Getting pizza coupons by text message
More local businesses may try to drum up business by sending ads and discount offers to your cell phone. But will users accept marketing by mobile?
By Patrick Baltatzis, Business 2.0 reporter

You know those pizza coupons you find hanging on the doorknob when you get home?

Soon you'll be getting the equivalent on your cell phone, if the plans of mobile marketers come to fruition.

Some advertisers think this is the next hot thing, while others worry that consumers will find it as intrusive as those paper door-hangers and other circulars that pile up on doorstops.

Annoying or not, door-hangers are effective at generating sales because they hit consumers where they live. Similarly, new technologies like Bluetooth, infrared, and Wi-Fi are making it easier and potentially cheaper than ever to reach consumers by mobile when they're just about to walk into a shop.

They also allow for targeted marketing. In the Boston area, a number of companies have signed up with MobileLime, a startup that allows consumers to pay for purchases with their cell phones. Users also can opt in to get text messages of special promotions -- including, yes, deals on pizza.

Raffi Hovagimian, owner of Waltham Pizza, says that more than 100 of his customers have signed up for MobileLime, most of them regulars who order pizza several times a week. When he recently started a 15% discount for MobileLime customers, he sent out text messages to customers, and he says he plans to do more mobile marketing.

"It's going to be useful to fill in slow periods like a Monday night or afternoons between 2 and 6," says Hovagimian.

While Hovagimian still uses door-hangers to advertise, he notes that those carry considerable printing and labor costs to distribute.

"In this day and age, the cell phone is the way to go," says Hovagimian.

Messages at the mall

In the ultracompetitive retail sector, locally targeted wireless advertising could be just the thing to lift sales. The millions of people who visit shopping malls every day are a natural audience: By setting foot in a mall, a consumer is all but announcing his intention to buy something.

Westfield, one of the nation's big mall owners, is studying the market closely, but has yet to pilot a project, according to Scott Peterson, the company's strategic technology manager.

"We have installed Wi-Fi hotspots in 43 of our properties over the last two years, says Peterson. "And marketing through Bluetooth is something we will look into, because it could help shoppers use their time more effectively and make our retailers more successful."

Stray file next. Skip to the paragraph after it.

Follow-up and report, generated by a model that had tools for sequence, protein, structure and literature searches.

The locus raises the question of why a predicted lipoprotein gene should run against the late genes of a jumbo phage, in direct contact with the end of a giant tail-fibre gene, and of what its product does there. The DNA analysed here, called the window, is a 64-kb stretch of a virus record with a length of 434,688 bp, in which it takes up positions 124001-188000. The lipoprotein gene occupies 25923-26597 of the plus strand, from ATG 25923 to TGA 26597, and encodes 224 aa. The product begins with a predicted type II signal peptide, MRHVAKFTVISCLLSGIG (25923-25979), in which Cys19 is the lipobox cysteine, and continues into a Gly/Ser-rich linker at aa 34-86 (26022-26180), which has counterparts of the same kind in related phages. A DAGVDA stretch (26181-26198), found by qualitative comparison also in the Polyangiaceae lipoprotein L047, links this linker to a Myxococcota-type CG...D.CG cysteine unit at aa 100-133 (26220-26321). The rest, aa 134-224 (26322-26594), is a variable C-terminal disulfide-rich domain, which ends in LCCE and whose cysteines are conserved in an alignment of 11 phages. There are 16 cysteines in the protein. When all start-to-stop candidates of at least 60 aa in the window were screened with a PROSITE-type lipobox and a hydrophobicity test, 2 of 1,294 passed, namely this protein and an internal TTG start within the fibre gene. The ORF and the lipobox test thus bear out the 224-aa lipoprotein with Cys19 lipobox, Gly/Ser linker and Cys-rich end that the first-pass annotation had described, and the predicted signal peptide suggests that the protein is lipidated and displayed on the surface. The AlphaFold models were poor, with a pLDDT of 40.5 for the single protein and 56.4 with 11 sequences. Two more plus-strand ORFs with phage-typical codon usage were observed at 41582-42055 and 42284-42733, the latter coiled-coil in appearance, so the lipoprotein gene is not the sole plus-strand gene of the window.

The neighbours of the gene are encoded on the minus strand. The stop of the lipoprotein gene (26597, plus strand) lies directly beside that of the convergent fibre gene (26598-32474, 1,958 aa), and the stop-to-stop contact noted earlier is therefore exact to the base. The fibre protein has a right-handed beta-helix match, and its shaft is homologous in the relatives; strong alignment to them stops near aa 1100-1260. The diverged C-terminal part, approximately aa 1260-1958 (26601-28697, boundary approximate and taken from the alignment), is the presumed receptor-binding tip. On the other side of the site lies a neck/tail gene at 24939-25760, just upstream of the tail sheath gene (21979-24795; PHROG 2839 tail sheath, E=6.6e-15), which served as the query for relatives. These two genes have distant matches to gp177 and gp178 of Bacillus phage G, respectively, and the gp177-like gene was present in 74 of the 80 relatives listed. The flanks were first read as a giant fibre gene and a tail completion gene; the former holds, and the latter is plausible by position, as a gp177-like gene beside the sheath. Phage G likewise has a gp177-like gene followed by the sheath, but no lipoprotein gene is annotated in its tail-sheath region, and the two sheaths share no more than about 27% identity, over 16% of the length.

Getting promotions on sales and events may not be what shoppers want, though. A recent study by the Mobile Marketing Association reports that only 24 percent of consumers surveyed are interested in promotional alerts.

"The average customer is targeted with more than 3,000 marketing messages a day, so people have developed a resistance," says Erik Hauser, CEO of Swivel Media, a creative agency which has done mobile marketing work for clients like Wells Fargo.

Killing time

Much depends on location and context, says Nihal Mehta, founder and CEO of Ipsh, a mobile-messaging services company that has consulted with clients ranging from Madonna to McDonald's (Research).

On a recent visit to London, Mehta received ads on his phone in the subway via Bluetooth, a short-range wireless technology.

"All of a sudden my phone started beeping," recalls Mehta. "I was asked if I would like to take look at the new Audi A6 car on my phone." Although it struck him as a bit intrusive, Mehta accepted the ad out of curiosity.

Mehta says Bluetooth advertising does best in an environment like a subway station or an airport lounge, where consumers are inclined to kill time and may be more receptive to a commercial message. Since his visit to London, he's recommending installing cheap Bluetooth transmitters to all of his clients.

As advertisers experiment with the medium, they may find it's more cost-effective to advertise a pizza shop down the street than a luxury car. And text messages have one key advantage over door-hangers: They're infinitely easier to discard.


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